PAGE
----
skaldic

Skaldic Poetry of the Scandinavian Middle Ages

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Sigv Lv 1I/3 — vangs ‘of the field’

Fiskr gengr oss at óskum,
eitrs sem vér hǫfum leitat
lýsu vangs ór lyngvi
leygjar orm at teygja.
Atrennir lét (annars)
ǫngulgripinn hanga
(vel hefr aurriða at egna)
agngalga (mér hagnat).

Fiskr gengr oss at óskum, sem vér hǫfum leitat at teygja orm eitrs leygjar ór lyngvi vangs lýsu. Atrennir agngalga lét ǫngulgripinn hanga; annars hefr hagnat mér vel at egna aurriða.

The fishing goes according to our [my] wishes, in that we have tried to lure the poison-serpent of the sea [FISH] out of the heather of the field of the cod [SEA > SEAWEED]. The caster of the bait-gallows [FISHING LINE > FISHERMAN] let the one grasped by the hook hang; at all events, things have turned out well for me in catching the trout.

readings

[3] vangs: ‘vangs’ or ‘vanger’ 61

notes

[3] lyngvi vangs lýsu ‘the heather of the field of the cod [SEA > SEAWEED]’: The base-word lyng ‘heather’ suggests some kind of vegetation as the referent, and Meissner 99 suggests seaweed (Tang). Strictly, ‘water-weed’ might be more appropriate since the scene is the inland lake Apavatn, south-west Iceland, judging from the prose context. An alternative is ‘ice’, since ice covers the water as heather does the moor, and Snorri’s prose indicates that Sigvatr was ice fishing, so very possibly he understood the kenning this way. However, other ice-kennings have a term denoting some kind of roof or covering as their base-word (see Meissner 100).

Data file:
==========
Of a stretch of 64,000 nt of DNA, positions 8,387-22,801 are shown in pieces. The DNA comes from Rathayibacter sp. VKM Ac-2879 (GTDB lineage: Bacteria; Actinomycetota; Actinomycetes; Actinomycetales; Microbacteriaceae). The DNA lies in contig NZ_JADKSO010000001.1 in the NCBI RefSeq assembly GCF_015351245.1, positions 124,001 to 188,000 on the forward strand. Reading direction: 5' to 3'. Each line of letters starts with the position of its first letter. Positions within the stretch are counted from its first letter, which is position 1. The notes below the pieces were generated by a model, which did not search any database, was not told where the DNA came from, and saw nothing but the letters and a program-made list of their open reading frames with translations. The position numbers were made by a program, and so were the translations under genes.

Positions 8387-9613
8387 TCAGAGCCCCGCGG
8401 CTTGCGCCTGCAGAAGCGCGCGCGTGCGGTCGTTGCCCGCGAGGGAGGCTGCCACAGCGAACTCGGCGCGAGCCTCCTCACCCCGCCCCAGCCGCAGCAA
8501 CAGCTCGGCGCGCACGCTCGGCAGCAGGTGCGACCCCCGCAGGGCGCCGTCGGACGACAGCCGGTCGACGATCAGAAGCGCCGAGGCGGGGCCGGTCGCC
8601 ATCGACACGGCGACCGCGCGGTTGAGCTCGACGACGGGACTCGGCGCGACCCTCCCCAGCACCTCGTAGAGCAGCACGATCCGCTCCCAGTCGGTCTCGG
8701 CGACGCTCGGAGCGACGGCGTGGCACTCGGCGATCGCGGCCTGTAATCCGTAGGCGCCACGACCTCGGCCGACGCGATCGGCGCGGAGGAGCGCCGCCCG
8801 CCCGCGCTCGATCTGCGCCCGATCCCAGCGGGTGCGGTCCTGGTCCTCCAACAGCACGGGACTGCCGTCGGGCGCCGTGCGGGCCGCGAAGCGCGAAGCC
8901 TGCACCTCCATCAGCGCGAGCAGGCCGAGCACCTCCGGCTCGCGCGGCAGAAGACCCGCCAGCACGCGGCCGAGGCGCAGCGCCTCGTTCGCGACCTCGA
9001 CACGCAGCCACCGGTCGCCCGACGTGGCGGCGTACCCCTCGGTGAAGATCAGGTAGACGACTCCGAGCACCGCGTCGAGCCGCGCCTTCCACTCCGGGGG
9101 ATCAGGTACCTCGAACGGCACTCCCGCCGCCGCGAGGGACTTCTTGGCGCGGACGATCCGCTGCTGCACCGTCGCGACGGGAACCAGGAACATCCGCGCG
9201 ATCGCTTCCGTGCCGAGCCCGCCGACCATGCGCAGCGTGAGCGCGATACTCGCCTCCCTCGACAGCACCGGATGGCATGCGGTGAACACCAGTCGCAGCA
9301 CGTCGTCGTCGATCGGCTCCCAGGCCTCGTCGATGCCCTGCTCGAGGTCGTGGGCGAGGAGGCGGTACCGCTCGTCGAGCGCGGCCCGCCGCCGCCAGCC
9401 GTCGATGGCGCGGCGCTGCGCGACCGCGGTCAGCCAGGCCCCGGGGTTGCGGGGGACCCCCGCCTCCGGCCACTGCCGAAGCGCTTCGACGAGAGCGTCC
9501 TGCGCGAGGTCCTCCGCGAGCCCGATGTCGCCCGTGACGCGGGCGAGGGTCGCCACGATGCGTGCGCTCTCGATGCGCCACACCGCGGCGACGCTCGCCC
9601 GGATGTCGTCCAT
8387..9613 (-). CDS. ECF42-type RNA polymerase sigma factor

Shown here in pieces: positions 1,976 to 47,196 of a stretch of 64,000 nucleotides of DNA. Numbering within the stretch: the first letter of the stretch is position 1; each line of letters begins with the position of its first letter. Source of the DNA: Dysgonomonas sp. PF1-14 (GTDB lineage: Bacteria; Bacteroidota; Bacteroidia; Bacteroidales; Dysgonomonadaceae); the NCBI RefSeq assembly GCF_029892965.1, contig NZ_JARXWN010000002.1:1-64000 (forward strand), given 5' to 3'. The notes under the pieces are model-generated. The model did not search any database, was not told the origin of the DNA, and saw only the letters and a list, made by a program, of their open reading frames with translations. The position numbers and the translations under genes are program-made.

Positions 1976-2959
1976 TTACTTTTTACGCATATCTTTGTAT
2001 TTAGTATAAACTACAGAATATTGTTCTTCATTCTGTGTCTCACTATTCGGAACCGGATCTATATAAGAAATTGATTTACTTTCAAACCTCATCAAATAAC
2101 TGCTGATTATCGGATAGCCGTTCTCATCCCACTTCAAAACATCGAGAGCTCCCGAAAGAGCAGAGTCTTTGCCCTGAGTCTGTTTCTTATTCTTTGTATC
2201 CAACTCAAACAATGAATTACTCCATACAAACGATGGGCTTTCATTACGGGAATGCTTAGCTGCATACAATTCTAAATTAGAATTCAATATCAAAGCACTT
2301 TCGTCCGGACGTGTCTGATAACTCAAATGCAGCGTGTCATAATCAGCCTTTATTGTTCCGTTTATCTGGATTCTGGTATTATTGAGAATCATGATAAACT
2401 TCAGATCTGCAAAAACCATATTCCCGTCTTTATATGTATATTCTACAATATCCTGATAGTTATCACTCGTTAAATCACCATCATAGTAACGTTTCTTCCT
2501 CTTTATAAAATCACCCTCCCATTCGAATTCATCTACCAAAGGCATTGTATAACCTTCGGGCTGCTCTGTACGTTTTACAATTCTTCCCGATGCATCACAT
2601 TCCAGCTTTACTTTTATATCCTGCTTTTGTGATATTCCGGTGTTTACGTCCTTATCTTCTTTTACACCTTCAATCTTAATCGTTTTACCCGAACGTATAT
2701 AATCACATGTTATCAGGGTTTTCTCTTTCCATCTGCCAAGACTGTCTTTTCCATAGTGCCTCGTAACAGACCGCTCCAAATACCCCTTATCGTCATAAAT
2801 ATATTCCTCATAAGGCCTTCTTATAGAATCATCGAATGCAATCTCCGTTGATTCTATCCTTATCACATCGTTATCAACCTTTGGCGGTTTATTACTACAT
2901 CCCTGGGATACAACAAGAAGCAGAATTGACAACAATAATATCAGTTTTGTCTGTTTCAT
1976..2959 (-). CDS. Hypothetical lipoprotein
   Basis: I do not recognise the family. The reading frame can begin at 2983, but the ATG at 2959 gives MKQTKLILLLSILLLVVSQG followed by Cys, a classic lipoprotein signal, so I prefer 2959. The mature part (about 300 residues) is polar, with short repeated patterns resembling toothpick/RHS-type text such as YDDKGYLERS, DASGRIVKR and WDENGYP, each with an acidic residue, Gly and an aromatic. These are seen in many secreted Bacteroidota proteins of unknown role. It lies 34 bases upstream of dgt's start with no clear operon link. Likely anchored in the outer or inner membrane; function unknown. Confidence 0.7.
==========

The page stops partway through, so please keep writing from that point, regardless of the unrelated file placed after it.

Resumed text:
kennings

grammar

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